Something that initially inspired now appears to have morphed into a crippling load for Papiss Cisse, the Newcastle United number 9 shirt.
The shirt that adorns his torso on match days may have the same single digit etched onto it that the great Alan Shearer proudly displayed for a decade, but for the man currently in possession it is a reminder of lofty expectations thus far unfulfilled.
From Cole to Cisse, Newcastle United have been blessed with some special number nines. Inevitably with the responsibility and expectation comes an elevation of pressure, my theory is that replacing Papiss as the standard bearer for goal grabbing at the end of this season might actually set him free from the shadows of those former greats.
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So, first let’s take a look at those who have worn the number nine shirt during the Premier League era and their records in the top flight. All stats apply only to Premier League matches with the famous figure on their back.
Andy Cole (1993-95)
Premier League: 58 games, 43 goals.
‘Cole the goal’ arrived from Bristol City for £1.75m at the tail end of the 1992-93 promotion campaign. Netting a dozen goals in as many games ensured that he immediately endeared himself to the Geordie faithful.
Having been sold by Arsenal at the age of almost 21, question marks remained over whether the jet-heeled hit man could repeat his impressive feats in the top flight.
He answered any sceptics by forming a memorable partnership with Peter Beardsley, as Newcastle took the league by storm, finishing third with Cole notching a still unbeaten (although equalled by a certain A.Shearer) 34 Premiership strikes.
The following season began in the same vein, although the goals did dry up for a few matches before he was shockingly sold to title rivals Manchester United for £6.25m plus Keith Gillespie, with the Toon opting to leave the number nine vacant until the end of the season.
Overall: 9/10. An incredible signing, whose departure had fans lined up outside the club’s doors in protest.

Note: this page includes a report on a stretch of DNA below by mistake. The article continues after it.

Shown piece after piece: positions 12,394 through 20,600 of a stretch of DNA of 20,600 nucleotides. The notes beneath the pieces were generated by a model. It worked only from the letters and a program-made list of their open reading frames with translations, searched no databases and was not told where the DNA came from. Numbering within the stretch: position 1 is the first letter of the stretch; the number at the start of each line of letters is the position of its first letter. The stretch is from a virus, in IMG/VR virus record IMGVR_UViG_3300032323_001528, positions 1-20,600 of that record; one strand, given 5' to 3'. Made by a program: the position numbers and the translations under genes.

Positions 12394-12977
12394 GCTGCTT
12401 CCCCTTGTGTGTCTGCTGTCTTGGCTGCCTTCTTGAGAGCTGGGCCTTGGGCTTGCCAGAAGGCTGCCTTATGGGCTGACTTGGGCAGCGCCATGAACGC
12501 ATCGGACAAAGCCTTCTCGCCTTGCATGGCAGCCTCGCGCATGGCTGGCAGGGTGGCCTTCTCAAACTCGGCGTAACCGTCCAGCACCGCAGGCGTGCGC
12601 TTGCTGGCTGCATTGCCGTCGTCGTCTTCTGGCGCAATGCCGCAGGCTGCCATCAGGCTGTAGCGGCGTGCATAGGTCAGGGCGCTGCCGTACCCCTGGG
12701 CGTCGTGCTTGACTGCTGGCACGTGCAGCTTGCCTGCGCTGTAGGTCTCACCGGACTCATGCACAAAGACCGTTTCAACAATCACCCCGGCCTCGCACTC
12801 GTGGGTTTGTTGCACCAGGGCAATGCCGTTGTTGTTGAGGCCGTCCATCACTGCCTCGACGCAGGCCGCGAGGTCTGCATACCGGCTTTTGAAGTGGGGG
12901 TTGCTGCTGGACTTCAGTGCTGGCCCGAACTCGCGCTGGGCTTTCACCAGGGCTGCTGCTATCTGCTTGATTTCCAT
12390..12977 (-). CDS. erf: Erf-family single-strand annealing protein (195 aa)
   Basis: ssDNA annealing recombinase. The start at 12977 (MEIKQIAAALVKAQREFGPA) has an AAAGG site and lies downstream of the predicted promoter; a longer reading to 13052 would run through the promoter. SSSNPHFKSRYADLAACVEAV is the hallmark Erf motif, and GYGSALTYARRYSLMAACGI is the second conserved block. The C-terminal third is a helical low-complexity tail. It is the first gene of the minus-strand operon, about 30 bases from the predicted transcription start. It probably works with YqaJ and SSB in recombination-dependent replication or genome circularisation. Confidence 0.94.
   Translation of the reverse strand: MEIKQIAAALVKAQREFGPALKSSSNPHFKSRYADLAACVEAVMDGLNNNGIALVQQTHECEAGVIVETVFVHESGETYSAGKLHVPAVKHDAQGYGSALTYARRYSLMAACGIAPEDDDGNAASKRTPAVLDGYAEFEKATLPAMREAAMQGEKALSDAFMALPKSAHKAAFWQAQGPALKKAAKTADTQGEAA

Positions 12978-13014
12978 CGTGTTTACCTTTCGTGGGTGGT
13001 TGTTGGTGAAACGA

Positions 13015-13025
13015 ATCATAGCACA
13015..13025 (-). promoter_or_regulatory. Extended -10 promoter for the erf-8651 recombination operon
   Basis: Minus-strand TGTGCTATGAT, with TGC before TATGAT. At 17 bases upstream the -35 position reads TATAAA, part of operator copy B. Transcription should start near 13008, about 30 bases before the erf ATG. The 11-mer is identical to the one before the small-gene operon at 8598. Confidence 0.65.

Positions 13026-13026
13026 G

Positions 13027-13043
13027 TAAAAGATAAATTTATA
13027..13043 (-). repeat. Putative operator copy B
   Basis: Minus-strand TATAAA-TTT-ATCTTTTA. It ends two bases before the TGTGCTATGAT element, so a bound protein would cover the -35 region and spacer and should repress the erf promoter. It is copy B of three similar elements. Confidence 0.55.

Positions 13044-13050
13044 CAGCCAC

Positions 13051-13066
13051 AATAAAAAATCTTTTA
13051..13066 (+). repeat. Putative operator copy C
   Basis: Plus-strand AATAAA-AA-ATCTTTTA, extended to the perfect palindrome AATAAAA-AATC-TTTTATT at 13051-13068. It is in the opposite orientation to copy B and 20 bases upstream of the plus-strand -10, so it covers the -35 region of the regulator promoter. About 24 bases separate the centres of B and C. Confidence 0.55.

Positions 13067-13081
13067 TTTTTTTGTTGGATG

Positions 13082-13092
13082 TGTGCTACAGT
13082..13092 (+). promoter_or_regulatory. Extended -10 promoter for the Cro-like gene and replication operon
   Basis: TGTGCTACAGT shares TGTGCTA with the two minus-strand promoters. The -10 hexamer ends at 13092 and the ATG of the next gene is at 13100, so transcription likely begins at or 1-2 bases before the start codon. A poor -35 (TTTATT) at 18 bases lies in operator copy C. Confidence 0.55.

Les Ferdinand (1995-96)
Premier League: 37 games, 25 goals.
Eventually a new talisman was signed to replace Cole, and a very good one at that.
From the moment that ‘Sir’ Les Ferdinand struck a well-taken debut goal against Coventry City, he was adored by fans on the terraces.
A £6m signing from QPR, Ferdy’s almost telepathic partnership with David Ginola and clever link up play with Beardsley meant that he had 20 goals in all competitions by Christmas in his only season as the number nine.
As the team began to struggle, so the goals dried up for the side’s main striker, who managed only nine more by the season’s curtain call. Still, he won the PFA player of the year award as Kevin Keegan’s side let a twelve point lead slip to finish as runners-up.
That summer in an unusual move, Ferdinand was asked to vacate the shirt and take the number ten instead, which he (possibly begrudgingly) did. In his one campaign as the main man he had been sensational, ending with 25 Premier League strikes.
8/10: In the one season that he wore the number nine, Sir Les was a dynamic force to be reckoned with.
Alan Shearer (1996-2006)
Premier League: 303 games, 148 goals.
The most exciting striker in Europe had come home, winning the Premier League golden boot in his inaugural term in black and white (31 matches, 25 goals), before injury struck in a pre-season match at Goodison Park the following summer.
Shearer returned prematurely to aid a barely plausible relegation battle, initially playing from memory in a team now shorn of the creative talents of Ferdinand, Ginola, Beardsley and Tino Asprilla.
FA Cup goals came easily enough, but the for the next 18 months Shearer’s league form dried up. Worse than that, the newly appointed Ruud Gullit didn’t fancy him as a player, benching him for the miserable home Tyne-Wear derby match in 1999-2000.
Fortunately for Al and Newcastle, Sir Bobby Robson soon replaced the Dutchman and saved the Toon career of the England captain, who scored a record equalling five goals in the veteran manager’s first home match at the helm.
Fittingly, Shearer’s final goal was against the Mackems.
9/10: There were highs and lows, but Shearer is quite rightly the benchmark for modern day Newcastle United number nines.
Obafemi Martins (2006-09)
Premier League: 88 games, 28 goals.
With the original plan of ‘promoting’ Michael Owen to the number nine shirt scuppered by an anterior cruciate ligament suffered by the club’s record signing at the 2006 World Cup, Glenn Roeder decided to award the honour to new £10m recruit, Obafemi Martins.
It didn’t start well, as the Nigerian took time to settle after his transfer from Inter Milan. There were also constant questions about his age, with some claiming that the diminutive front man was as much as six years older than his claimed age of 21!
The shackles were broken with a first league goal at West Ham and some sparkling displays in Europe.
Thereafter followed three seasons of erratic performances, punctuated by breathtaking goals and a selfish lack of awareness.